Violence inflicted on a teenager accused of being a witch was “wild” and “completely feral”, a witchcraft expert has told the Old Bailey.
Kristy Bamu, 15, drowned in a bath in his sister’s east London flat after he was was beaten and tortured in 2010.
Magalie Bamu and Eric Bikubi, both aged 28 and from Newham, deny murder.
Expert Dr Richard Hoskins said the attack went way beyond accepted practices in Democratic Republic of Congo, where the family originate from.
He told the jury: “In this case the evidence that I’ve read is something completely feral, it’s wild, it’s completely out of control. It’s beyond the normal patterns that exist in the Congo.”
Ms Bamu and her boyfriend Mr Bikubi are accused of murdering Kristy on Christmas Day because they thought he was affected by an “evil force called kindoki”. [...]
[Dr. Hoskins said] that over the last 15 years the “child witch phenomenon” has emerged where children were accused of being possessed. He said belief in kindoki was “all pervasive” in Congolese society regardless of someone’s standard of education or social class.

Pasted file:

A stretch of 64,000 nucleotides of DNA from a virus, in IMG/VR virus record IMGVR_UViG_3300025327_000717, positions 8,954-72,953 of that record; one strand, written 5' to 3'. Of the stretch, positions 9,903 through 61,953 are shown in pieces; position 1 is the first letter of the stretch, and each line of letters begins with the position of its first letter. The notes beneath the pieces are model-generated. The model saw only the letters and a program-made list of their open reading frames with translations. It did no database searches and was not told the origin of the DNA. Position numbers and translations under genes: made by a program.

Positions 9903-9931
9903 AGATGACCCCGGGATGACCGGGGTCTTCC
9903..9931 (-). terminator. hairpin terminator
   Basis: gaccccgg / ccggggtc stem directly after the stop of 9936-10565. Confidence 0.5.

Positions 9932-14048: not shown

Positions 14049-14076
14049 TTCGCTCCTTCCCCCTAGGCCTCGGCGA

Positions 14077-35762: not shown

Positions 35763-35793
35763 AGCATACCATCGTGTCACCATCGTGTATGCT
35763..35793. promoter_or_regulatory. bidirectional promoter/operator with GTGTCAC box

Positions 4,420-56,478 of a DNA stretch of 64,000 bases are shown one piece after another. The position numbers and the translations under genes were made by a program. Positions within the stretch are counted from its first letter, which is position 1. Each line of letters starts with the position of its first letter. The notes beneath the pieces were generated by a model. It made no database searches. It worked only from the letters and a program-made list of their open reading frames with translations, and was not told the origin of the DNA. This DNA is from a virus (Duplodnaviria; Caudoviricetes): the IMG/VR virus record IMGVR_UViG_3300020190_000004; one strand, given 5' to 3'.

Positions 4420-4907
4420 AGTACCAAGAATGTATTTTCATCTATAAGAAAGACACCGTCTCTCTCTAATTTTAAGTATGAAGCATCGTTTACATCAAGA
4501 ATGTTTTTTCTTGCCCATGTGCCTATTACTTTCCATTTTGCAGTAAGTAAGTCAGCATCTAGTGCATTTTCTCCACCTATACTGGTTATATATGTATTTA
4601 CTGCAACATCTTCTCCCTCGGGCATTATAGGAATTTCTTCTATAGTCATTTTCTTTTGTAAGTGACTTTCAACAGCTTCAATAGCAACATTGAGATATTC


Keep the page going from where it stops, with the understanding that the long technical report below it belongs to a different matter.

“It’s absolutely standard regrettably to accuse a child in the DRC of having witchcraft… nobody would raise an eyebrow at the suggestion in the DRC.”
Kristy and four of his siblings had gone to stay with their sister at her flat in December 2010.
While they were there, she and her partner Mr Bikubi accused them of being witches and trying to control another child, the jury heard.
Mr Bikubi found a pair or urine-soaked underwear in the flat’s kitchen, and Kristy admitted that he had wet himself.
This triggered an outpouring of violence by Mr Bikubi, who believed the incident was due to witchcraft, the jury heard.
Dr Hoskins told the court that Kristy wetting himself could have been the trigger for the alleged violence. He said: “The trigger that needs to occur for people to think someone is possessed by kindoki can be anything out of the ordinary. Bed-wetting is a classic example of this.”
Other factors could have been Kristy’s older brother Yves’ autism, an allergic reaction that made Yves’ lip swell or their younger brother having problems getting out of bed, the court heard.
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